9. Cam Kirmser says:

    Ya know, parents, you are NOT required to allow your kids a cell phone.

    1. exactly. Mydaughter is coming to an age where she can have a phone, and we got a line, but its not a full time phone for her, just if she goes out without us, then we take it back. However, I’ve told them that I can see what they do on the phone, and the accounts on the phones and tablets, i’ve created with my own passwords that I can access anywhere. I’ve physically taken tablets away to inspect the chats, and even deleted programs when random people tried phishing for contacts. She’d tell me anyways.

      My son who is younger is even more freaked as I can see when he downloads an app, and have called from work, asking why he downloaded an app (they have instructions to ask me before downloading, so I can check permissions). He got surprised the 1st time I called him for downloading an app, and he doesn’t attempt to do it, unless he calls me first.

      They will both get new tablets for christmas, but with logins that i’ve created, and accounts I’ve setup, so I can access them from anywhere and at anytime.

      Some parents just dump a phone and say, “here, enjoy” without bothering to keep tabs on them.

      1. De Leweye says:

        You don’t have a family, you have a prison camp. Instead of setting an example and teaching them to be skeptical and think independently, you are preparing them to reflexively defer to arbitrary authority. You live in fear and create fearful children – the exact opposite of what they need to be to live safe and sane as adults.

        1. I call BS. There is nothing written therein which even remotely resembles a prison camp. It’s called responsible parenting. A good parent sets the boundaries for their children to operate in, and the children learn and they grow up respecting boundaries. One can still easily teach and inculcate the values of thinking independently, irregardless of whether or not parents keep track of what’s going on with their children and the internet – independent thinking and setting boundaries are not mutually exclusive. That parent isn’t living in fear – if anything, that parent is being prudent and practical. Enough with the inflammatory nature of trying to push your views of what good parenting is onto someone else. Have a great day.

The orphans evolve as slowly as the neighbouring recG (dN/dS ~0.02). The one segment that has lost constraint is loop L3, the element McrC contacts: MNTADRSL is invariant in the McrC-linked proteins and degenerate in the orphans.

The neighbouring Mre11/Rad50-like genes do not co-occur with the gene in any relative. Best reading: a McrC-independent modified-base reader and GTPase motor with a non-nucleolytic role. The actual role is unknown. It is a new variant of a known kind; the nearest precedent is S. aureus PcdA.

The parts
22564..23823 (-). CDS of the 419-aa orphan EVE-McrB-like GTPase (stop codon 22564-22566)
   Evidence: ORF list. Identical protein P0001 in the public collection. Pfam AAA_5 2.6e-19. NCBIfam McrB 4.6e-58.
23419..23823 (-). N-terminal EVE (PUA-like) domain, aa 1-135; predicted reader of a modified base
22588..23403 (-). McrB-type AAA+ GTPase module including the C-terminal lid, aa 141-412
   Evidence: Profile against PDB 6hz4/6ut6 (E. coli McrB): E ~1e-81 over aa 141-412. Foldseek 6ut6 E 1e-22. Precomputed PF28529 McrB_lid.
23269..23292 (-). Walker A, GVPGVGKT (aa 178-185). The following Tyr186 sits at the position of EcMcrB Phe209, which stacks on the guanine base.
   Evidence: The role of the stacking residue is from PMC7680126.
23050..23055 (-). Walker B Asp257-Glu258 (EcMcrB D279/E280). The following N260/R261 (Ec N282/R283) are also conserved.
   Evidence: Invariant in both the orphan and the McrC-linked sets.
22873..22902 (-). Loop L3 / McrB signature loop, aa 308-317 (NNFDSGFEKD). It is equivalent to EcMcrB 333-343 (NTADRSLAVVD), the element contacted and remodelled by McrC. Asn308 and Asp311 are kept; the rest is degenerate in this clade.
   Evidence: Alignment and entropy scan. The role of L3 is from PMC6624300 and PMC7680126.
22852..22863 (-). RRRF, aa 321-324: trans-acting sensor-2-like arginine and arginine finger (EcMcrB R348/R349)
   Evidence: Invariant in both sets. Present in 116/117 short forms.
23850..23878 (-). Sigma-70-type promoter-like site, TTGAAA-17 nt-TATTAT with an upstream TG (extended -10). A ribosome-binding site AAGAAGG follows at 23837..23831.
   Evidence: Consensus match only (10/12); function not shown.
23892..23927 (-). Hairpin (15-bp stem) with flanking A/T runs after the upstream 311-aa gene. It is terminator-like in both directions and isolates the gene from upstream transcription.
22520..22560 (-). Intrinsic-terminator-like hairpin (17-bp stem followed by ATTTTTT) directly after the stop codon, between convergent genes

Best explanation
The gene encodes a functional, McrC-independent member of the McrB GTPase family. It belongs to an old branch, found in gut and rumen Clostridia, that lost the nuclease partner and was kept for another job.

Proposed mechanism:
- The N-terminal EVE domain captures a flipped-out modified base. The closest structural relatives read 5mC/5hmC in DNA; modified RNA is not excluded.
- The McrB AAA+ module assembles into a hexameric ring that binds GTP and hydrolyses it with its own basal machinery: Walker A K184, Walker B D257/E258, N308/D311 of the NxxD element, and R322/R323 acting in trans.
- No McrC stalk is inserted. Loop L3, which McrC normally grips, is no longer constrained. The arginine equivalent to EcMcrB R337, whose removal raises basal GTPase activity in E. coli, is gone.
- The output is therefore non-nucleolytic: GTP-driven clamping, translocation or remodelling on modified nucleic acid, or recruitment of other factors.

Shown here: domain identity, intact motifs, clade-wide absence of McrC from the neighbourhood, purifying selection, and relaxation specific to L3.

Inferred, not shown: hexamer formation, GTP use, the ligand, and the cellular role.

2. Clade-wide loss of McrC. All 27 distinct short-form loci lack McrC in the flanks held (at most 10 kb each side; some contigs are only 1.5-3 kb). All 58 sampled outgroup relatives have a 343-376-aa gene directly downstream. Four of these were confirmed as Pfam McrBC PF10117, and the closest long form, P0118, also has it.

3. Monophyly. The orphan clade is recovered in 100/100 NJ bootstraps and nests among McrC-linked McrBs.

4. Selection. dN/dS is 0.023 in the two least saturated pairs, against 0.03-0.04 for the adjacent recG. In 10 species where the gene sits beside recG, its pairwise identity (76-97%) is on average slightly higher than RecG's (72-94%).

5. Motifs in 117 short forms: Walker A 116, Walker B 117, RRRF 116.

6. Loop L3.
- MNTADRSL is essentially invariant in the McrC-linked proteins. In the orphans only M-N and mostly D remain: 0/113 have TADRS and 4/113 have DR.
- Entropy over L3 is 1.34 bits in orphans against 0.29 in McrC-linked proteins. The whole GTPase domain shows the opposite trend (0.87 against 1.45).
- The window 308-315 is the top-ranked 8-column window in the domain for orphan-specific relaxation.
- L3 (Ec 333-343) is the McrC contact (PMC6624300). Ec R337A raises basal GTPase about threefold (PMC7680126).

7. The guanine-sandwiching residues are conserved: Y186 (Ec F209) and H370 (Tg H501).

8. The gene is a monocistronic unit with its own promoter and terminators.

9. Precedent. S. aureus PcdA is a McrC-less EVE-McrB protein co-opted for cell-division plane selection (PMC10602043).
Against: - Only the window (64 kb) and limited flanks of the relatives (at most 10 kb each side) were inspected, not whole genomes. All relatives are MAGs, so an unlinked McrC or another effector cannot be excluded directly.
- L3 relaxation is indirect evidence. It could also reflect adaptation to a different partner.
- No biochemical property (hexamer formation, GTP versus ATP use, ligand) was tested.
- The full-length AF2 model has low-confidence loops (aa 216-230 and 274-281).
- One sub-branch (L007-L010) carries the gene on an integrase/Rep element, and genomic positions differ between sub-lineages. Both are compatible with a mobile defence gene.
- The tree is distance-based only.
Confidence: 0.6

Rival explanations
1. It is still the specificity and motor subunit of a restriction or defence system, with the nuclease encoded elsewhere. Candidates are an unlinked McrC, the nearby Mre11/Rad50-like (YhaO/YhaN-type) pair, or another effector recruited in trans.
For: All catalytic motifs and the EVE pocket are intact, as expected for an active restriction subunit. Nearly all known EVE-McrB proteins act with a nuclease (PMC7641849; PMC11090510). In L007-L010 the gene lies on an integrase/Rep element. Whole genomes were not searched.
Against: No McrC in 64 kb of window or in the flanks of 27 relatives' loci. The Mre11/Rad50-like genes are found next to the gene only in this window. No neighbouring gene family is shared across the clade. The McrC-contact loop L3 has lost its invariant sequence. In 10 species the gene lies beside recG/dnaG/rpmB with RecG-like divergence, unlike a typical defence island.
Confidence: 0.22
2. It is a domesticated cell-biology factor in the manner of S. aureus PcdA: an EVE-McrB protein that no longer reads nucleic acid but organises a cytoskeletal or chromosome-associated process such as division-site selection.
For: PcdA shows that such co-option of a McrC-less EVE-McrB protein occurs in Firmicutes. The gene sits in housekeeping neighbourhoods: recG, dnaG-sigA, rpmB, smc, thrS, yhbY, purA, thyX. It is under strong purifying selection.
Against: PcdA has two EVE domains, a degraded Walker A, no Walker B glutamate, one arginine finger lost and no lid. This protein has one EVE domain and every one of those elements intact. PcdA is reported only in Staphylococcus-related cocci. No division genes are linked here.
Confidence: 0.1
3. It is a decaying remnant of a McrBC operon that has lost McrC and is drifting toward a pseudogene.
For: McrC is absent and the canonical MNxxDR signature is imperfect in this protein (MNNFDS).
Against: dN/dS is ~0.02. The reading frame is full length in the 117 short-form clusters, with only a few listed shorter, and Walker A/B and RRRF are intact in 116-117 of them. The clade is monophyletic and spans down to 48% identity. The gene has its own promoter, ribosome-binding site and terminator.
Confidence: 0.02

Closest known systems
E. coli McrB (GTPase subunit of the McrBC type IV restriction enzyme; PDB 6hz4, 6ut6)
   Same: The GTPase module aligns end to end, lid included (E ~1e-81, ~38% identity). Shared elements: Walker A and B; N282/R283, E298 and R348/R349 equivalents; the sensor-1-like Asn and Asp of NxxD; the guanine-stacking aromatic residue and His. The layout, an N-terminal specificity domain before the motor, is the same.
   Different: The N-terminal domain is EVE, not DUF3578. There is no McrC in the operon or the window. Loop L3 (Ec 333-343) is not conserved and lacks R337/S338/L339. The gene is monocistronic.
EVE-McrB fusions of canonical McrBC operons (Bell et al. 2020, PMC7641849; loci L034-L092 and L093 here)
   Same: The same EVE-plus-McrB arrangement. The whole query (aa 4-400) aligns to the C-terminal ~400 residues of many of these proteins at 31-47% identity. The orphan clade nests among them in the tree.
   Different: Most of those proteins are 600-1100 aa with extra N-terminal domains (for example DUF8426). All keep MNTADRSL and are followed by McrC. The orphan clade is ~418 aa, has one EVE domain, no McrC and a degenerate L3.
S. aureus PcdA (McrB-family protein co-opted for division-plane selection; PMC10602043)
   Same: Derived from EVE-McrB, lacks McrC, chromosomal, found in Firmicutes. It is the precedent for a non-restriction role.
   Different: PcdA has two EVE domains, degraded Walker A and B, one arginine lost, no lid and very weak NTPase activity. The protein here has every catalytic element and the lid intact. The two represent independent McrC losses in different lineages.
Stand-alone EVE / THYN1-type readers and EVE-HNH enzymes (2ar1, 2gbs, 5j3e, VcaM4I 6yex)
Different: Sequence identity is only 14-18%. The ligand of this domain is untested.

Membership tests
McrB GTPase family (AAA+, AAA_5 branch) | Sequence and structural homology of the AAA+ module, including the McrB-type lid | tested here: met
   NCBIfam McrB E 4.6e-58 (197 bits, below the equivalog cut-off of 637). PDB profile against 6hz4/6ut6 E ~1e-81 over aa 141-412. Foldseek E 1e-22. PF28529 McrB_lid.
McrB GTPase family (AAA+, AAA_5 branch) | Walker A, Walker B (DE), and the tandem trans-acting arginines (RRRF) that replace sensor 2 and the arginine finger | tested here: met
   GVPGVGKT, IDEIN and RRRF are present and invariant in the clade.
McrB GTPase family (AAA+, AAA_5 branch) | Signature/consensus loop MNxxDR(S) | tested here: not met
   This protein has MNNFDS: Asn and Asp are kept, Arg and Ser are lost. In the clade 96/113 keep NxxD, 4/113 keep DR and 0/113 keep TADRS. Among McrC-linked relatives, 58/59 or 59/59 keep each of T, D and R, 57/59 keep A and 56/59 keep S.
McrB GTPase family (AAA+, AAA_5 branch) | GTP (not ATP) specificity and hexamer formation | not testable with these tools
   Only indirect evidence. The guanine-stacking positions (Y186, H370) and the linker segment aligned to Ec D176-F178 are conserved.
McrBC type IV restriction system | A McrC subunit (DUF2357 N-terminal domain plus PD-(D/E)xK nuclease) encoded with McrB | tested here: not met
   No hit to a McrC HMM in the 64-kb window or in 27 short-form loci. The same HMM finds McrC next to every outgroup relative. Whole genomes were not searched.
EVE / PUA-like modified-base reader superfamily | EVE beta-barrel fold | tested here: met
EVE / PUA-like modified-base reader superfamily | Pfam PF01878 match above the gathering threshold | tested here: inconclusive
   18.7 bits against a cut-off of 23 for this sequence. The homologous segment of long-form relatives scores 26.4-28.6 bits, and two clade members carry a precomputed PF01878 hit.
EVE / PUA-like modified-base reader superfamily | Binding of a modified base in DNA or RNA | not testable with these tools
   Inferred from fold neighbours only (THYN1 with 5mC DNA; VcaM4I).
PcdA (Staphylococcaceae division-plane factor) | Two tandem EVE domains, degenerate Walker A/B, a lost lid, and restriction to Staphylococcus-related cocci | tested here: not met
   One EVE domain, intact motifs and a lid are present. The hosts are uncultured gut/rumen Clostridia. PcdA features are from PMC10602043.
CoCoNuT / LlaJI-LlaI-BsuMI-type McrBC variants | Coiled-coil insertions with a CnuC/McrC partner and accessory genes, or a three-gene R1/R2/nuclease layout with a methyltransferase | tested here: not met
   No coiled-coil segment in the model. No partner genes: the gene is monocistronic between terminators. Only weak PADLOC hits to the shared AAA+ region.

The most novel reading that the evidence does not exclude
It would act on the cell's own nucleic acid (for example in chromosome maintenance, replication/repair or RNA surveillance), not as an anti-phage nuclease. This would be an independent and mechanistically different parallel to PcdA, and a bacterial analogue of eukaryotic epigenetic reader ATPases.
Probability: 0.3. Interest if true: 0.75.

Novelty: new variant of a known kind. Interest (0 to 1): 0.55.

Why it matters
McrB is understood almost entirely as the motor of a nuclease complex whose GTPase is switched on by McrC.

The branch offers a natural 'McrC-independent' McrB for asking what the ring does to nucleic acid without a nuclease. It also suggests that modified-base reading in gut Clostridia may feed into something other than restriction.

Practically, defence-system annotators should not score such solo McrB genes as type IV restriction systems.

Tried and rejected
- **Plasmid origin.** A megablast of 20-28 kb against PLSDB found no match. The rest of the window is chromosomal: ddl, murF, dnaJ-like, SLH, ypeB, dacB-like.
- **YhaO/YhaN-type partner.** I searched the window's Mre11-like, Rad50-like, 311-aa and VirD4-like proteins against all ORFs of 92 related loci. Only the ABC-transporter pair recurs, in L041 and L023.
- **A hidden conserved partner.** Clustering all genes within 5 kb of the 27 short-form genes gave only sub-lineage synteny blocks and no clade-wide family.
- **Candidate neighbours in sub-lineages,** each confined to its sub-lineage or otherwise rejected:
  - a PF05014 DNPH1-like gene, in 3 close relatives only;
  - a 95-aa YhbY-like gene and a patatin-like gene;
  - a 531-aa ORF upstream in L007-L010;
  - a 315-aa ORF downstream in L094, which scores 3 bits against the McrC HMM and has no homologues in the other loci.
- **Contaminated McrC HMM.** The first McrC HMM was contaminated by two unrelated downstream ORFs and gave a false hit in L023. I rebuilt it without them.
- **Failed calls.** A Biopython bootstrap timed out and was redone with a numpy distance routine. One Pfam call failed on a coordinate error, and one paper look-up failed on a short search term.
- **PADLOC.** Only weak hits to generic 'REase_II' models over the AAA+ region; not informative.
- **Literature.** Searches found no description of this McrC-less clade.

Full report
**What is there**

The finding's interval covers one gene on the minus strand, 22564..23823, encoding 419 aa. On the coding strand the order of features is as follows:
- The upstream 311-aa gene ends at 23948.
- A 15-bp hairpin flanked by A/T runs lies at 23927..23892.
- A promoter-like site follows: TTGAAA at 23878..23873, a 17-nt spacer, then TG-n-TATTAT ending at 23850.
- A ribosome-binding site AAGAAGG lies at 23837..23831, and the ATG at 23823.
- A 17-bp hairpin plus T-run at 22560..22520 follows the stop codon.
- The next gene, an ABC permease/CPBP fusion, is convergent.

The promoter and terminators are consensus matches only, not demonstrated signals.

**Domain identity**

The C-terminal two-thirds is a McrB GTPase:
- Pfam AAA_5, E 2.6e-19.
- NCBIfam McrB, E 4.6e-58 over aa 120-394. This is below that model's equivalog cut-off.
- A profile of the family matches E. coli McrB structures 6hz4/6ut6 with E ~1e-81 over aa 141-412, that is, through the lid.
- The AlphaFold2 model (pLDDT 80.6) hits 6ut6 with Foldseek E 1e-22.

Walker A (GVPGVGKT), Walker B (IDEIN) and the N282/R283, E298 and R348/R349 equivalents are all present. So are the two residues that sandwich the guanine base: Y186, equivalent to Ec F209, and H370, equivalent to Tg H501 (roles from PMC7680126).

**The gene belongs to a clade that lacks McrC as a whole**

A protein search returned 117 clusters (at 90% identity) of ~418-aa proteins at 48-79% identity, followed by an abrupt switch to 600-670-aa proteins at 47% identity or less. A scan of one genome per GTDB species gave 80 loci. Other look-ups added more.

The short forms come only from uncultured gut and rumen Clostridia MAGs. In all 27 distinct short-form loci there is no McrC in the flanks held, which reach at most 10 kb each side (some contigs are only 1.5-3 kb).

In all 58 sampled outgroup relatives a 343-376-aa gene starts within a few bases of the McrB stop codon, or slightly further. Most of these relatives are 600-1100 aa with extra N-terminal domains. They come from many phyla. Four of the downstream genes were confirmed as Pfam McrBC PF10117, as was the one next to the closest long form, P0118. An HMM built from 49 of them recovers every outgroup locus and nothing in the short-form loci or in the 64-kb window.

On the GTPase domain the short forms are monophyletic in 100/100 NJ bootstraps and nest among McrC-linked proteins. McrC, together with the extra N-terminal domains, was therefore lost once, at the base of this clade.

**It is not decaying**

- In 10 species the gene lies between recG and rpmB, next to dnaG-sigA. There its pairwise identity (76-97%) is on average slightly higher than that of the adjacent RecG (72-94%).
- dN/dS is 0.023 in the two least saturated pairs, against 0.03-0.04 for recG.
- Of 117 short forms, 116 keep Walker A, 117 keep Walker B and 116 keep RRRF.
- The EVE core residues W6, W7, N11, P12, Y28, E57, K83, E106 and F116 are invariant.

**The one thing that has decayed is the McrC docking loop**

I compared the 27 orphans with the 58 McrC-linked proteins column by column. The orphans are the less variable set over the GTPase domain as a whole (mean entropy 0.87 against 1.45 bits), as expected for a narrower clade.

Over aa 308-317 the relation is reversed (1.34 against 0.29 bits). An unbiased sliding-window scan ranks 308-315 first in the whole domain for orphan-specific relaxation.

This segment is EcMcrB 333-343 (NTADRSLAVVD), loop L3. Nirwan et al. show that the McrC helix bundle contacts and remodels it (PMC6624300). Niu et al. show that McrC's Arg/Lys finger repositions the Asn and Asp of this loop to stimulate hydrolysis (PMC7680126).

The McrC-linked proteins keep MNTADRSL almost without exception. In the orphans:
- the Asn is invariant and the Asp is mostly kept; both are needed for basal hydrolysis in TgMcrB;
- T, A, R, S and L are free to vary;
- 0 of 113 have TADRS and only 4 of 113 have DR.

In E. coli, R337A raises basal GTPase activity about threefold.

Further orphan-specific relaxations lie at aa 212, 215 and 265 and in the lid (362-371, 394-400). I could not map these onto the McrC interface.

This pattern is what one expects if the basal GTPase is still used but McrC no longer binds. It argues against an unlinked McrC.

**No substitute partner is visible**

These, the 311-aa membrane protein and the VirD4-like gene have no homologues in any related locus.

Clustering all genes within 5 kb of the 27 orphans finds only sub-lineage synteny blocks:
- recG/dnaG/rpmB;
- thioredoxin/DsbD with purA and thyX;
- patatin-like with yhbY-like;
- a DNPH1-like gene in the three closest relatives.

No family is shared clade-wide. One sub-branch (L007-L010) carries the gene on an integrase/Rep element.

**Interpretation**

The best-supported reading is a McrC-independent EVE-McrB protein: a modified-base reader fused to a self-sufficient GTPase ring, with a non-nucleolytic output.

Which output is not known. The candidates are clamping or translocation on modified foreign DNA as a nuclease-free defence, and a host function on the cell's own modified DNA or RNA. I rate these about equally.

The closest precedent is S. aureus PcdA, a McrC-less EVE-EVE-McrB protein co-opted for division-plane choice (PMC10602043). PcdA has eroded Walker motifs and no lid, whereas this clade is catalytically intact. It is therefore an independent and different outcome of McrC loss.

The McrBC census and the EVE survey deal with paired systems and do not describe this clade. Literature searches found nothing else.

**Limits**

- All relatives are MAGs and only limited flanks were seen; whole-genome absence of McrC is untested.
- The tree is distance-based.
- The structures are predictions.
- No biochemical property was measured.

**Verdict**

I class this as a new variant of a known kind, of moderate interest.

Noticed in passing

1. De Leweye says:

            Part of being a kid is learning how to do things the old folks don’t (officially) know about. Part of being a parent is learning how to be aware of things you don’t (officially) know about. Obsessing over knowing every detail of your kid’s life is self-defeating, stupid and unfair to the child. If you pay reasonable attention to your children you will know where their head is at and where they’re likely to overreach – which is also the kid’s job. You can then show them your brilliance by being there and ready in guiding them past the rough spot they’ve gotten themselves into. You, by contrast, strike me as about as observant as the dimwits who can’t tell the pit bull is about to bite.

        2. you sound like one of those special snowflakes i’ve been hearing about lately….

          1. De Leweye says:

            I have a simple policy in dealing with you lamers who want to type insults on these threads: Until you have the balls to try it to my face, all you’re doing is revealing yourself as a stupid coward.

  10. A great deal of this story is just made up from thin air.